One of the exhibits I was most looking forward to was the V&A’s erection of a three-story chunk of the recently demolished Robin Hood Gardens, the housing project by Alison and Peter Smithson. The actual display — some pieces of the facade, a guardrail from one of the “streets in the sky,” and lots of scaffolding — was a bit of a letdown.
The Nordic Pavilion — easily the best piece of architecture in the Giardini (it was designed by Sverre Fehn and completed in 1962) and one that seems to ask for the best in curators filling it out — was taken over by some inflatables.
The curators of the Japanese Pavilion, led by Atelier Bow-Wow’s Momoyo Kaijima, filled the gallery with 42 drawing projects that ranged from depictions of traditional houses to panoramic countrysides. Viewing aides, such as discs with magnifiers, invite people to linger over the highly detailed drawings.
The nearly 90-year-old architectural historian received the Golden Lion for Lifetime Achievement, a deserved honor to say the least. I was in the Giardini when he received the award and when the other Lions were announced, but even from a distance it was great to hear a few of his sincere words of thanks.
I’m a sucker for exhibitions about libraries, and at this Biennale they’re found in the small Finnish Pavilion. Mind-Building finds — accurately, in my opinion — the best “Freespaces” in public libraries, places of knowledge but also truly public places for all to use.
Mosquitoes are the bane of my existence on every trip to Venice. Typically they keep me up at night by buzzing in my ears, but this trip it was just one mosquito bite — it happened while eating a midday snack in the Giardini — that did me in: the whole back of my left hand (right hand here for comparison) swelled up for three days.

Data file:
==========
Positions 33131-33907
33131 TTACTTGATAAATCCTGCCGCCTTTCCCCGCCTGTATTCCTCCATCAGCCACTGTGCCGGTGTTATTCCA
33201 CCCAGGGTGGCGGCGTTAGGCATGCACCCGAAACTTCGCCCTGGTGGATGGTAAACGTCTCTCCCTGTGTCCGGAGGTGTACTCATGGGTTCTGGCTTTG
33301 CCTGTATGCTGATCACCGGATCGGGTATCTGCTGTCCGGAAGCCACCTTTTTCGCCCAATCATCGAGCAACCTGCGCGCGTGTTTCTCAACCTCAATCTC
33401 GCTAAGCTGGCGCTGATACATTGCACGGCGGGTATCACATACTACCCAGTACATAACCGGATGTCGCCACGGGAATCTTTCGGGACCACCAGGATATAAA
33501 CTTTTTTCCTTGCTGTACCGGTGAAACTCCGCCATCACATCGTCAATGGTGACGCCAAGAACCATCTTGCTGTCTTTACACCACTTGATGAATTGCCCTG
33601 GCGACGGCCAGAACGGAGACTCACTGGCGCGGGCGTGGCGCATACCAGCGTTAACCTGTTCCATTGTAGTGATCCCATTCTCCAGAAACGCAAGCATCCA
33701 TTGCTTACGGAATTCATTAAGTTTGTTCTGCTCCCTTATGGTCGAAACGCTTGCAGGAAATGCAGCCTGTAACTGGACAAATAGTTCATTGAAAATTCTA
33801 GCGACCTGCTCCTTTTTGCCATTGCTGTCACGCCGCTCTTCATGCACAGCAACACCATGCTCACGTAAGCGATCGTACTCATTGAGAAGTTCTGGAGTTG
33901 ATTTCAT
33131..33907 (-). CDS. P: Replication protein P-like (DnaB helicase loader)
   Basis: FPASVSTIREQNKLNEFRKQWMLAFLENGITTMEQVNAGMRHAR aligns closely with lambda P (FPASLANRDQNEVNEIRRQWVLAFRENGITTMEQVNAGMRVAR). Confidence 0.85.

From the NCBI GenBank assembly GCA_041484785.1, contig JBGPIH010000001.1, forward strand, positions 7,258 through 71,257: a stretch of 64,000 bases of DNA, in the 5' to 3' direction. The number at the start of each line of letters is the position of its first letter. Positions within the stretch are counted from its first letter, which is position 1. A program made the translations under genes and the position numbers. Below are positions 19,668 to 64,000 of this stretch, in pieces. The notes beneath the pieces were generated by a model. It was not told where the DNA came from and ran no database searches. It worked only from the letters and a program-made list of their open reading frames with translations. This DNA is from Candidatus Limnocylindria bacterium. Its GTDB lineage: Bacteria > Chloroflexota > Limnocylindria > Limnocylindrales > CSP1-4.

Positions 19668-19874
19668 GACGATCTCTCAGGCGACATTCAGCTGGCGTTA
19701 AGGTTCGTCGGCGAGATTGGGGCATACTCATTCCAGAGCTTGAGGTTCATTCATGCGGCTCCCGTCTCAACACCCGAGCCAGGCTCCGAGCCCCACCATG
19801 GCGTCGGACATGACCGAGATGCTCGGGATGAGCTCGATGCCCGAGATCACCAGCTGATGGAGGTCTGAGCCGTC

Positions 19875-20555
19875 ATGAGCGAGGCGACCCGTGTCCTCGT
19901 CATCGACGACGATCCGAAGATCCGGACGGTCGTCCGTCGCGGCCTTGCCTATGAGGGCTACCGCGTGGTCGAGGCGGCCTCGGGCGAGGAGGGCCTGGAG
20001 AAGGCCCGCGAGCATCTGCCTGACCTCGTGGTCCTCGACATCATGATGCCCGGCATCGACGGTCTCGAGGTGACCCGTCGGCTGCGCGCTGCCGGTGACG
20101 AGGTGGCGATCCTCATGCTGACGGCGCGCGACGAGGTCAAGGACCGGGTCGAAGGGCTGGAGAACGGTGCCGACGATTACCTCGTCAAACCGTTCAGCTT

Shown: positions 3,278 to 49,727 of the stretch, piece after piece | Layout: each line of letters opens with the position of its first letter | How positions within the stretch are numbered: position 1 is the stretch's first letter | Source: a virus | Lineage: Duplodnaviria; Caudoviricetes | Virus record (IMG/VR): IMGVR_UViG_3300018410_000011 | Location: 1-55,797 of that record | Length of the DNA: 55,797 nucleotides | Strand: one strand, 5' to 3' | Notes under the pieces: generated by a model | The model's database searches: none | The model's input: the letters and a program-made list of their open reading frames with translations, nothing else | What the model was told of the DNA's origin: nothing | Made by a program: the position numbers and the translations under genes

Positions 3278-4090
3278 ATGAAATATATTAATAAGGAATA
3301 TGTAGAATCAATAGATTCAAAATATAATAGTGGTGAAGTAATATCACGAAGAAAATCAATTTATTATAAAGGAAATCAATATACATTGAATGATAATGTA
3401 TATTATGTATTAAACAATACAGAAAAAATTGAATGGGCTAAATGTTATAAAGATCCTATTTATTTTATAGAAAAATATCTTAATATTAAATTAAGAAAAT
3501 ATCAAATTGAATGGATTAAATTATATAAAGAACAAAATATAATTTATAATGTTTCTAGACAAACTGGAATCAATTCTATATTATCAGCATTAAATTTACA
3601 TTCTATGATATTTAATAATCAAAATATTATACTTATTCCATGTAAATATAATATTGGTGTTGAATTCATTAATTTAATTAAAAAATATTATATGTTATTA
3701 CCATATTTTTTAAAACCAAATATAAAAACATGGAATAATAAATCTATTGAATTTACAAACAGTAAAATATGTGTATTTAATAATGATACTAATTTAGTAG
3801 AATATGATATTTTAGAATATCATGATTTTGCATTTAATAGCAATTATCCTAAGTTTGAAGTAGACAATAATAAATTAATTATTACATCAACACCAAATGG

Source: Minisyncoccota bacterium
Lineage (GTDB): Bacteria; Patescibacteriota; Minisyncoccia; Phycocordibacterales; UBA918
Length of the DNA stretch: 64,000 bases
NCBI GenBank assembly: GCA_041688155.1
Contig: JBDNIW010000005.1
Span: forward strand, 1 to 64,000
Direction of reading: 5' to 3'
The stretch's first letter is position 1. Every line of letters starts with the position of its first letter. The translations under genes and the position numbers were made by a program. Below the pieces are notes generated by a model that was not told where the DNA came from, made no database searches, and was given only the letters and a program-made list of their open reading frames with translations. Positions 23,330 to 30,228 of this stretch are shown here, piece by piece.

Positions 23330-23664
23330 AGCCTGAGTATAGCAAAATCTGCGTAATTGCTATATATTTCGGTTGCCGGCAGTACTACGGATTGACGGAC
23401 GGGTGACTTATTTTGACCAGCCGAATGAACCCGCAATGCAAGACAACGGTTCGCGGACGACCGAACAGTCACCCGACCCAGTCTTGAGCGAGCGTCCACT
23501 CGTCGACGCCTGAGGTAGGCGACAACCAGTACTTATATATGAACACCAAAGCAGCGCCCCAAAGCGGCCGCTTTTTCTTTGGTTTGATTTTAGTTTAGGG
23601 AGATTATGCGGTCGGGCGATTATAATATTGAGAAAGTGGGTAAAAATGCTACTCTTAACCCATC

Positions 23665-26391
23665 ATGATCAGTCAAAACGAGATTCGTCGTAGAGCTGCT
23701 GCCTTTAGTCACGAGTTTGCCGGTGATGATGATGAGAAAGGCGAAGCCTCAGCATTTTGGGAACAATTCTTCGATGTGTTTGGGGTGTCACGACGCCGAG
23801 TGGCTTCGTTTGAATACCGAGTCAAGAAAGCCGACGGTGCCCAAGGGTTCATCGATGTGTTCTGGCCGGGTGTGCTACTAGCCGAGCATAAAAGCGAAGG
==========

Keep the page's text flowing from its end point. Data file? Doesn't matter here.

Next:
As in previous years, the Biennale is split between the main International Architecture Exhibition, some collateral events, and the national participations, most of the last taking place in pavilions in the Giardini. Pictured is the Canadian Pavilion, which juts turned 60 and wrapped up a restoration.
Visitors to the Dutch Pavilion confront a central space that resembles a locker room. Opening the orange lockers reveals cabinets with information inside, openings to other rooms, or doors to access them. It’s the most interactive of all the pavilions — even of the whole Biennale.
Over at World-Architects I wrote about how three of the four awards were given to displays of large photographs rather than drawings or models. Even before the winners were announced, I noticed how large-scale photos were prevalent in the main exhibition. Pictured is a room with Lacaton & Vassal’s residential projects in France.